Washington Evening Journal
http://washington-ia.villagesoup.com/p/1169381

Neighbors Growing Together | Aug 22, 2014

Parker to visit Washington, D.C.

By Xiomara Levsen | Apr 18, 2014
This is a picture of Russ Parker when he was over in South Korea during the Korean War. Written on the back of his picture it says “playing it cool.”

Russ Parker of Washington will be another veteran from Washington County traveling on the Honor Flight April 22.
Parker served in the Army for 20 years during the Korean and Vietnam wars.
He was drafted in 1953 by the Army. At that time young men had no choice which branch of service they could join. They were just told which base to report to.
He spent most of the Korean War in basic training. He only spent a couple of months in Korea.
“By the time I got out of basic training the armistice was signed in July of ‘53,” Parker said, “I went to Korea in ’53 and came back there in October of ’53 or somewhere around there to help them when the armistice was signed.”
While he was in Korea he spent time in the 55-mile area of the demilitarized zone between North and South Korea. His job was to help keep the peace between the two countries.
“It’s still a combat zone today,” Parker said.
After he returned from South Korea, Parker spent two years in Hawaii from 1954 to 1956. Then he was transferred to Fort Riley in Kansas. From there he volunteered to go to ‘jump school’ and became an instructor for the airborne division at Fort Benning, Ga.
When you ask Parker what divisions he served with during his 20 years in the Army, he names quite a few. He spent most of his time with the 82nd Division and the 101st.
When he wasn’t in the 82nd Division he was assigned to an infantry unit.
One day in particular still stands out to him today. It was Nov. 22,1963, the day President Kennedy was assassinated. He was putting tires on a military vehicle when someone told him.
“He came up to me and said, ‘Sir, have you heard the news?’” Parker said. “I said, ‘What news?’ ‘President Kennedy has been shot.’ ”
Shortly after, Parker’s infantry unit was given orders to get ready to go to Dallas.
The country was on high alert and the troops were on standby in case something else happened, Parker said.
“We were like that so, in case something came up, we were ready to go,” he said.
Parker never did end up in Dallas. He spent another two years stateside after the assassination of President Kennedy before getting orders to go to Vietnam in 1965.  
“I was lucky I didn’t get shot at,” Parker said.
He said there were many times when the airborne division would be shot at while parachuting out of the plane into a combat zone.
He returned from Vietnam in 1966. He had orders to report to an Army base in Louisiana, but he called the main instructor at Fort Benning. The instructor found out his orders had changed and he would have new orders to return to Fort Benning.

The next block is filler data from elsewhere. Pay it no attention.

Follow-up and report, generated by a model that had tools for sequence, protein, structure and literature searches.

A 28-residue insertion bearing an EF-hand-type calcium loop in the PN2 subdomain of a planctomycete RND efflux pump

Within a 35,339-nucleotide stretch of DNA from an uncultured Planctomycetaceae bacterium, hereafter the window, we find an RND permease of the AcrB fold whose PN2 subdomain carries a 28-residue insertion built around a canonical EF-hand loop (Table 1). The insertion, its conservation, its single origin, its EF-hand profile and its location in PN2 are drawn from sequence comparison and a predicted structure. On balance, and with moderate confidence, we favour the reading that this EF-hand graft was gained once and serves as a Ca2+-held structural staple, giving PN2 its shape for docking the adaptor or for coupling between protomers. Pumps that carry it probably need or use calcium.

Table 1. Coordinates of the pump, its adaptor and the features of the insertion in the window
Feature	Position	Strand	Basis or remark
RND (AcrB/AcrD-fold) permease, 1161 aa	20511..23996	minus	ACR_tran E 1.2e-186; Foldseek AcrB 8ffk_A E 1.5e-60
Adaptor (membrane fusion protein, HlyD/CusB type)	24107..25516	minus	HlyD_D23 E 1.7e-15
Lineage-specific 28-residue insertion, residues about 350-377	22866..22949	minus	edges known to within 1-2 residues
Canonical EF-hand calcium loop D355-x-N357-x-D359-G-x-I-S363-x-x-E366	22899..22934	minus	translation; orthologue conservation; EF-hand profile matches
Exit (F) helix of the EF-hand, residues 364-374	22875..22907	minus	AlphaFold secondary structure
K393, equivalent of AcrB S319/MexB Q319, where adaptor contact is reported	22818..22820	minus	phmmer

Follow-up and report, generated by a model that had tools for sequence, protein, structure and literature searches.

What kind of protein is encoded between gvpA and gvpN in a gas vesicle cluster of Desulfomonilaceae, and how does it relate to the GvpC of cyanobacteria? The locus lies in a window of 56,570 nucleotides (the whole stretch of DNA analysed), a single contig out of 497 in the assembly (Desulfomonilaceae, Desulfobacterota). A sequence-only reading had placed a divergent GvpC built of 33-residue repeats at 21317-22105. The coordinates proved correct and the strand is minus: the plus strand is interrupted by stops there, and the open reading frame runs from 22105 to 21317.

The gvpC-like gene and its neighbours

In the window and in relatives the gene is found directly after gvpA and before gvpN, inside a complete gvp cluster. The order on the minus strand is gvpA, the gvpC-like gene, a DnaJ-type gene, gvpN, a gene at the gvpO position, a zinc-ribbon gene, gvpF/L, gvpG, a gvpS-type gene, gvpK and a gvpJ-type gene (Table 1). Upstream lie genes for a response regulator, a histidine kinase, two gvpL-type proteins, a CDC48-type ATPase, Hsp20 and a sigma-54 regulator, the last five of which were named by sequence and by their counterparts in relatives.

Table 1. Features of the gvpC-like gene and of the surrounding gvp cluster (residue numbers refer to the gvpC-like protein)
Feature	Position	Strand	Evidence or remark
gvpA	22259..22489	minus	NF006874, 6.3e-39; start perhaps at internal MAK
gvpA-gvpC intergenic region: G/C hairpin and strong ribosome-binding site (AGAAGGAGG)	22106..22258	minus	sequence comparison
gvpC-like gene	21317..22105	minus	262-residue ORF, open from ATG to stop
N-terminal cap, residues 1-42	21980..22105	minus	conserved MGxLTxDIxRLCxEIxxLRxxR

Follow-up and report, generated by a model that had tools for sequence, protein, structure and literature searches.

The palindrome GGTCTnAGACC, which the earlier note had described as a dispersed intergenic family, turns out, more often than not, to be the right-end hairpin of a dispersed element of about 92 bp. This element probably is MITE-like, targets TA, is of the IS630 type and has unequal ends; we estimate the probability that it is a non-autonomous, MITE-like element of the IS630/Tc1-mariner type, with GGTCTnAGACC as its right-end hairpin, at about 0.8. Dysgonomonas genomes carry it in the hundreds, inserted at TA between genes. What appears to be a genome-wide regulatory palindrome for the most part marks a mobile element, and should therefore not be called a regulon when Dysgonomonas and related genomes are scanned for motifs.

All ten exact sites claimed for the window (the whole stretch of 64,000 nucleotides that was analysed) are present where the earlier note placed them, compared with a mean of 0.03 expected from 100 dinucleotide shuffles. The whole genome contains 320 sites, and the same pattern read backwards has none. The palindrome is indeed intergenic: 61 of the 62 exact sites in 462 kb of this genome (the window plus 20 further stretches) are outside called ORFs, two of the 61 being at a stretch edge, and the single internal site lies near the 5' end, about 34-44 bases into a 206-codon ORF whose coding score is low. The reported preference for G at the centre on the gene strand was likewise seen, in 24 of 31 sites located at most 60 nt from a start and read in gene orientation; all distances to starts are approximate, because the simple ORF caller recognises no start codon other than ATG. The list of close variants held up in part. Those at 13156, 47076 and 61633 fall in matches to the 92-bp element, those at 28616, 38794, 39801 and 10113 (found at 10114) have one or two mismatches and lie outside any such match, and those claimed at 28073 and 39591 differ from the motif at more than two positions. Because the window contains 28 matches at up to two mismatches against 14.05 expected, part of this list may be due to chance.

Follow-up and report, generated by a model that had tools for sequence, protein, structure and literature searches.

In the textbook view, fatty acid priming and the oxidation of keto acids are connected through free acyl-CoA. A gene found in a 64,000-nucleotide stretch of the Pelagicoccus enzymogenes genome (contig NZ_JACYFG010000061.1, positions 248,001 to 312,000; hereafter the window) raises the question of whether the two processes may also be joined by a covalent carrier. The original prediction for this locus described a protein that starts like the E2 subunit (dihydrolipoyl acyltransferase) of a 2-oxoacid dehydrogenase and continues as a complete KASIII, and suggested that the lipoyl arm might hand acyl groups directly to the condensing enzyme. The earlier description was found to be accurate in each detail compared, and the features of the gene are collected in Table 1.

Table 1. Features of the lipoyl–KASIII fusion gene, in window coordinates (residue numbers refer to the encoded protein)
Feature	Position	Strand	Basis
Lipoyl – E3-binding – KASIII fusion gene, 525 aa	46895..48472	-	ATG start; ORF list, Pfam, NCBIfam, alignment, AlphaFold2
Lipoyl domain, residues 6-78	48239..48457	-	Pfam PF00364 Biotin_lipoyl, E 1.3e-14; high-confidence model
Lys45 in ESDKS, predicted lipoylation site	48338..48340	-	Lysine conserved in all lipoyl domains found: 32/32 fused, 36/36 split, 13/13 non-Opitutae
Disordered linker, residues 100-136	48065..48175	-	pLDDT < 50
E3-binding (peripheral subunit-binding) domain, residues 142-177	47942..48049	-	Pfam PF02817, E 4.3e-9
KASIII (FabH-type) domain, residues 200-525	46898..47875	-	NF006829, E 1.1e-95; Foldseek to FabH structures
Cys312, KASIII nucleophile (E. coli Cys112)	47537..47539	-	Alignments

In 1971 Parker returned for a second tour to Vietnam. He returned later that year and finished out the last two years of his service at Fort Benning.
“When I was drafted, see, it was for two years,” Parker said, “and I tell my mom I couldn’t make up my mind if I liked it or not. Re-enlisted as soon as I made up my mind and one day someone said, ‘You can retire after 20’ and I decided I didn’t like it anymore.”
Parker received several service awards including a Bronze Star and medals for his time in combat during both Vietnam and the Korean wars. However, he doesn’t boast about them because to him he’s not the hero.
“The real heroes are the ones who were shot up, tore up, and didn’t come back,” Parker said.  
Parker is excited to go to Washington, D.C., next Tuesday. This will be the first time he will be able to see the actual Vietnam Veterans Memorial. Back in the 1990s the miniature wall came to the Washington County area, Parker said. He stopped on his way down to Ottumwa to see the names of some of his friends who didn’t come back from Vietnam.  
Parker found their names on the wall and stood there for a few moments thinking about his comrades.
“Nobody ever forgets,” he said.












Comments (2)
Posted by: Glen Peiffer | Apr 20, 2014 06:23

The fear they must have felt in their soul knowing
they may never make it home and out of that hole.

So when you walk that depressing wall.
Remember the men who stood so tall.



Posted by: Glen Peiffer | Apr 19, 2014 03:42

vietnam war memorial photo: Vietnam War Memorial 0612081631a.jpg

The depressing walk along the wall,
seeing the names of the men who stood so tall.

They served their country and they served it well,
when they died they died in hell.

No one knew when they boarded that plane that so
many lives would never be the same.

We can only imagine what they went through over there.
The only hope they had was knowing that we cared.

The fear they must have felt in their soul knowing
they may never make it home.

Lying in the swamp scared to make a sound,
just knowing the enemy was all around.

If they got a chance to close their eyes,
they hoped they would live to see the morning sky.

Friends dying left and right,
they knew it was the Lord's will but it didn't seem right.

So when you walk that depressing wall.
Remember the men who stood so tall.



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